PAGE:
Neville, Geoffrey de (d.1225) (DNB00)
NEVILLE, GEOFFREY de (d. 1225), baron, was the younger son of Alan de Neville (d. 1191?) [q. v.] and nephew of Gilbert de Neville, an ancestor of the Nevilles of Raby [see Neville, Robert de]. He was probably connected with Hugh de Neville [q. v.] Geoffrey first appears as the recipient of grants from John in 1204, and from 1205 was a constant witness of royal charters. In 1207 he was king's chamberlain, an office which he held till the end of his life, and in the same year received the custody of Wiltshire (Rot. Litt. Claus.) In 1212 he witnessed the treaty between John and the Count of Boulogne. In 1213 he was sent on an embassy to Raymond, count of Toulouse, and Peter, king of Aragon. Next year he went to Poitou, to secure for John the support of the Poitevin barons, and his fidelity was rewarded by further grants of lands belonging to the barons in opposition, and of the shrievalty of Yorkshire. In 1215 Neville was appointed seneschal of Poitou; but on 1 Oct. of that year he was with John at Lincoln, and, receiving the grant of Scarborough Castle, was employed during the winter in defending it and York against the rebel barons. Early in 1216 he was at Newcastle on a similar errand, and received grants of money to enable him to fortify Scarborough. Faithful to John to the end, Neville had his appointments of chamberlain and seneschal of Poitou and Gascony confirmed on the accession of Henry III.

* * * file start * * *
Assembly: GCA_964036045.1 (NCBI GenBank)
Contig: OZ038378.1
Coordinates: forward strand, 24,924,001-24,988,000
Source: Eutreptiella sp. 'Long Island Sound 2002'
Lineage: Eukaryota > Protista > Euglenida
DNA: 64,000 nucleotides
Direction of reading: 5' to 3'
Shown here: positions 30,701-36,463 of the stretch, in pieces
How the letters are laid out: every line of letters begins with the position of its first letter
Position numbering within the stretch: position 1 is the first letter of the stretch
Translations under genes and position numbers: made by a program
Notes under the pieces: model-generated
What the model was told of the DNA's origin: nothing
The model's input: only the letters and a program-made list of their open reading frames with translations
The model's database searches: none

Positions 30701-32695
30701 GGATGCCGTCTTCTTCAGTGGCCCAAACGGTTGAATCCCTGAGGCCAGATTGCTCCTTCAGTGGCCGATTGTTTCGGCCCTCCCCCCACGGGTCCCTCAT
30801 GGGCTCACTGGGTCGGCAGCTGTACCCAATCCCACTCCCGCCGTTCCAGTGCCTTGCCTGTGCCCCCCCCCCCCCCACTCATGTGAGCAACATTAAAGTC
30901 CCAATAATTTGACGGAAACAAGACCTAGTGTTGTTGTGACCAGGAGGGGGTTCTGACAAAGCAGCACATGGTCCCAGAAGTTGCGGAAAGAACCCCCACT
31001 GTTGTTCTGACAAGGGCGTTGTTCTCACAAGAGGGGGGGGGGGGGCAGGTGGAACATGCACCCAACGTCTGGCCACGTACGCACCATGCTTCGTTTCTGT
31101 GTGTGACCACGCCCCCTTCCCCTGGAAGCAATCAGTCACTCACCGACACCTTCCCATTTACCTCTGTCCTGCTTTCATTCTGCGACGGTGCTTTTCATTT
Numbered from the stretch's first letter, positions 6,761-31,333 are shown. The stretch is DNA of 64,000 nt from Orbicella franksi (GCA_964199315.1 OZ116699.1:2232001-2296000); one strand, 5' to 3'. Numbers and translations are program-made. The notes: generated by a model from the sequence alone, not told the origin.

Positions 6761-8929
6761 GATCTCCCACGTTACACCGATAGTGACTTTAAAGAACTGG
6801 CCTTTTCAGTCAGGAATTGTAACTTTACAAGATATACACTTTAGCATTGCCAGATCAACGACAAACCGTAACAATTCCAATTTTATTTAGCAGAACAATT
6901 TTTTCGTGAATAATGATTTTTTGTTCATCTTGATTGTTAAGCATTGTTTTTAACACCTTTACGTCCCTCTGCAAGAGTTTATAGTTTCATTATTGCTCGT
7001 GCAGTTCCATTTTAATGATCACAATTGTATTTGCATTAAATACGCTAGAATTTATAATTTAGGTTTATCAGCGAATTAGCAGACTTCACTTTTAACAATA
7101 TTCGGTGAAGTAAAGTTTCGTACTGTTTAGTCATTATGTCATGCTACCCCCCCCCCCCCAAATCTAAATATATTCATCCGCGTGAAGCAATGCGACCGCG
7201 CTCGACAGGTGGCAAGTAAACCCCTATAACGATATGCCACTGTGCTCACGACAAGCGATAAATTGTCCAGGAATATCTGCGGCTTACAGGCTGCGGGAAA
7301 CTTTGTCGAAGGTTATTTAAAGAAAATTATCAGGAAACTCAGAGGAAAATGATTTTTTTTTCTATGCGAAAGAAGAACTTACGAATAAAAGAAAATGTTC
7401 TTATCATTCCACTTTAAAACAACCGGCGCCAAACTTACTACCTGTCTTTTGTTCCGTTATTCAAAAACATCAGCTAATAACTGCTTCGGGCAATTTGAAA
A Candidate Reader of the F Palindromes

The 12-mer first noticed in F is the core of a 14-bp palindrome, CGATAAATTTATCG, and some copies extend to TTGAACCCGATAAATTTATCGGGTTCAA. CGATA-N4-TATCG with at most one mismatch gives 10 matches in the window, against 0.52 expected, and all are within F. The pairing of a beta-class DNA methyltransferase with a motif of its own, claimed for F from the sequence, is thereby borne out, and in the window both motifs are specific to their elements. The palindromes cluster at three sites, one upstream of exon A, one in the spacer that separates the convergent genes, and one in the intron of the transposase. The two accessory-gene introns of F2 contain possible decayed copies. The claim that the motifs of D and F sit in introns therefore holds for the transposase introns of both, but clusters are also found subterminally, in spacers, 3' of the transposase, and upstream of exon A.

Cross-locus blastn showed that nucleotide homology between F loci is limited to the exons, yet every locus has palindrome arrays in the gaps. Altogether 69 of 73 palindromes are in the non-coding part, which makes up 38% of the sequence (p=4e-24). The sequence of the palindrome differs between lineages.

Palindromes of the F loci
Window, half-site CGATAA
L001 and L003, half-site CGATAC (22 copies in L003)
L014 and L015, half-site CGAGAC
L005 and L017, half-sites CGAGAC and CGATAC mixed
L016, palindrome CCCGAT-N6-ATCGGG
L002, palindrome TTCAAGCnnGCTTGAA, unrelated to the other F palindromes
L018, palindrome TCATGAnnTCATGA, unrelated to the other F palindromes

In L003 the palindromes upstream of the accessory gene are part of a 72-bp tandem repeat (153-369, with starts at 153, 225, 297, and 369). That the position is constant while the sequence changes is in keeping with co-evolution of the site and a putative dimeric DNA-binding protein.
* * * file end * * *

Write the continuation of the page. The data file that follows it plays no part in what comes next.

In 1217 he signed the reissue of Magna Charta (Registrum Malmesburiense, i. 38); in 1218 he was present when Llywelyn ab Iorwerth (d. 1240) [q. v.] submitted to Henry III, and was commissioned to take possession of certain castles in Wales. But next year he was back again in Gascony, opposing Hugh de Lusignan, who was besieging Niort. In April 1219 he wrote to Henry, threatening to start for the Holy Land unless he were better supported from home; in July he wrote again, saying that unless steps were taken to defend Poitou and Gascony it was no good his remaining there; in October he resigned the seneschalship (Shirley, Royal and Historical Letters, passim). He landed at Dover on 1 Nov. 1219, leaving William Gauler in charge of Gascony. He left behind him debts incurred in the king's service, and in 1220 the citizens of Dax petitioned for repayment. In the same year he resumed his duties as sheriff of Yorkshire, and was despatched to Scotland on business connected with the marriage of the king's sister to Alexander II. On 23 Jan. 1221 he was summoned to meet Henry at Northampton to concert measures against the Earl of Albemarle, who had seized Fotheringay Castle. In 1222 he paid 100l. to the king for the guardianship of Alexander de Neville, probably a second cousin, who held lands in Lincolnshire, Yorkshire, and Cumberland. On 4 Dec. in that year Neville was commissioned to see that the compromise arranged between Hugh de Lusignan and certain towns in Gascony was carried out; in the following year Hugh wrote to Henry complaining of the conduct of Neville's successor, and recommending his reappointment. This suggestion was apparently adopted. At any rate, Neville was in Poitou in 1224, and again with Richard, earl of Cornwall, next year. He received in the same year a grant of two hundred marks for his custody of Pickering and Scarborough Castles, but died apparently in Gascony in October 1225. Several of Neville's letters are printed in Shirley's ‘Royal and Historical Letters’ (Rolls Ser.) He married Mabel, daughter and coheiress of Adam FitzSwane, who founded the abbey of Monk-Bretton, Yorkshire. By her he had issue two sons, John and Alan. John was granted custody of Pickering and Scarborough Castles on his father's death, and was in the battle of Chesterfield with Robert de Ferrers, earl of Derby, in 1264, and subsequently fought on the barons' side at Evesham. Neville must not be confused with a namesake Geoffrey de Neville (d. 1194), great-grandfather of Robert de Neville (d. 1282) [q. v.]; the two Geoffreys may have been cousins.[Rotuli Literarum Claus. i. ii., Rotuli Chartarum, Calendar. Rot. Pat. in Turri Londinensi, Rotuli Lit. Pat., Rymer's Fœdera, i. passim; Hardy's Rotuli de Liberate, passim; Roberts's Excerpta e Rot. Fin. vol. i; Rotulus Cancellarii, 1202, p. 164; Shirley's Royal and Historical Letters, passim; Dugdale's Baronage, i. 287; Rotulorum Originalium Abbreviatio; Roger Wendover's Chronica, Rolls Ser.; H. J. Swallow's De Nova Villa, Newcastle, 1885.]